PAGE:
There are many real-time strategy games out there today, but this has to be one of the most in-depth ones that I have played story-wise. Imagine if World War I was fought with giant robots and other weapons that had been invented in an alternate timeline. Survival would be a lot different if that were the case. King Art Games decided to go there and show us what the time after the war would have looked like in this dieselpunk-style RTS and here is our review of Iron Harvest 1920.
Many things are right with this title. For starters, it is available on PlayStation 4, Xbox One, and on Windows PC which is a win for almost everyone who wants to play. This RTS has some of the deepest stories that I have seen in a campaign of its type. Featuring Polania, Rusviet, and Saxony as the three main powers in Europe fighting for their lives, or power. The way the story plays out is so seamless with the missions themselves. It goes from cut scenes to gameplay and back to cut scenes at the appropriate times with highly detailed voice acting and character movements. Some RTS games are broken in this way where they don’t merge the two in a manner that works well. You start as a young girl having a snowball fight with boys who don’t want you around. Graphically the first little story mission hooks you in as you see the detail levels of the rocks, trees, and even the footprints in the snow. The details are so good that they added terrain effects. One step beyond that comes as you start using mechs because they walk through building walls and destroy things all around them. This is what hooked me fully.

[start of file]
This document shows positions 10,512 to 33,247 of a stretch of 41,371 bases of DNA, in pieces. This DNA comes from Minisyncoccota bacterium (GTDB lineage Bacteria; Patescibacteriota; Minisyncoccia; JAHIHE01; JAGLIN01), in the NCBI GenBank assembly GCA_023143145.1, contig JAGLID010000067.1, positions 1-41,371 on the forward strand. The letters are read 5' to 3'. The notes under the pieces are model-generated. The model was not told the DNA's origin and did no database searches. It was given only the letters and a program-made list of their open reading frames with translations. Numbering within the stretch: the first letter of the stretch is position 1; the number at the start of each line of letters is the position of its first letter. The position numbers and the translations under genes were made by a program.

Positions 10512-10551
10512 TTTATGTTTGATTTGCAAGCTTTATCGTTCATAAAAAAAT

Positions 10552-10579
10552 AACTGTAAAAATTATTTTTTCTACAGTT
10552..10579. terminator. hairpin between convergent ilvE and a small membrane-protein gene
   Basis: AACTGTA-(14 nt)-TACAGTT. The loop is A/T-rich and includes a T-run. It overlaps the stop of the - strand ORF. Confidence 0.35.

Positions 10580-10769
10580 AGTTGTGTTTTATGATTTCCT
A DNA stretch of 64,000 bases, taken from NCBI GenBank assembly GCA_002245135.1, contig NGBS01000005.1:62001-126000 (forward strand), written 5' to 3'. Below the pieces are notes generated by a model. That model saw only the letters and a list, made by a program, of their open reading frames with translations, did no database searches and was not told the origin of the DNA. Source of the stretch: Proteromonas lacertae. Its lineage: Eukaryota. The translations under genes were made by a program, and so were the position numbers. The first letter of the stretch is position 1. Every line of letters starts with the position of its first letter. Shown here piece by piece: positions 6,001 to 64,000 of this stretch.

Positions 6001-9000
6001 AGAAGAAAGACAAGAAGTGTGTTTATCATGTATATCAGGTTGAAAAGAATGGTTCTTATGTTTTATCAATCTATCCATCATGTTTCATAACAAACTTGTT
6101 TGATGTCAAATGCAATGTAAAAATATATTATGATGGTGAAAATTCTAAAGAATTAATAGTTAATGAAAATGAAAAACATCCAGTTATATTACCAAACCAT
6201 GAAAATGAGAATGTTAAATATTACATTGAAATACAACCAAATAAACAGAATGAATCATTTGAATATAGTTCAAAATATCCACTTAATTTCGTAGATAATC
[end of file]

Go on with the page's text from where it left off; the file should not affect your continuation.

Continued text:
Several game modes are available in Iron Harvest 1920 including the campaign, challenges, skirmishes, and multiplayer. We already know a little bit about the campaign so we will skip over that slightly and go into everything else. There are challenges that you can take part in. One such example is called “Hold the line”. In this mode, you play as the Polania forces. Your objective is to survive through ten waves of Saxony invaders while building up your army. You can also collect resource points to give you the ability for building up your forces. Skirmishes are when you play solo or with a co-op partner against AI in any of the titles difficulty levels and from any map used in the multiplayer. Finally, multiplayer mode allows you to play against other people online and takes all of your built up knowledge of the game to the next level. Quickplay will allow you to get into matches very fast, but if you decided to invite your friends to play then you can just create a lobby for them as well. These modes are definitely fun and I suggest you try out the campaign to learn the basics of Iron Harvest 1920 before you take them on.
One thing I don’t like about this title is just how long some of the missions take to complete, and couple that with limits on how many forces you can build at any one time. Early on in the campaign for instance you are tasked with building up your base and taking on a couple of enemy strongholds while capturing a supply train. You can build as many buildings as you can in the space provided but it doesn’t increase your troop supply by much. The enemy can replenish their troops and try to take over your resource points to prevent you from building as well. At the same time, it took me about an hour it seems like to beat the first part of the mission and then you get a magical cut scene that informs you that you still have longer to go. Other RTS games have missions that go much quicker unless you choose to drag them out, so I guess I have just gotten used to being able to move the story forward a lot faster. Base size restrictions are a bit stingy as well because you can only build within designated areas instead of anywhere that you want to like in other RTS games. I didn’t like this at all.
Note: Our copy was reviewed on PC with a code provided by PR.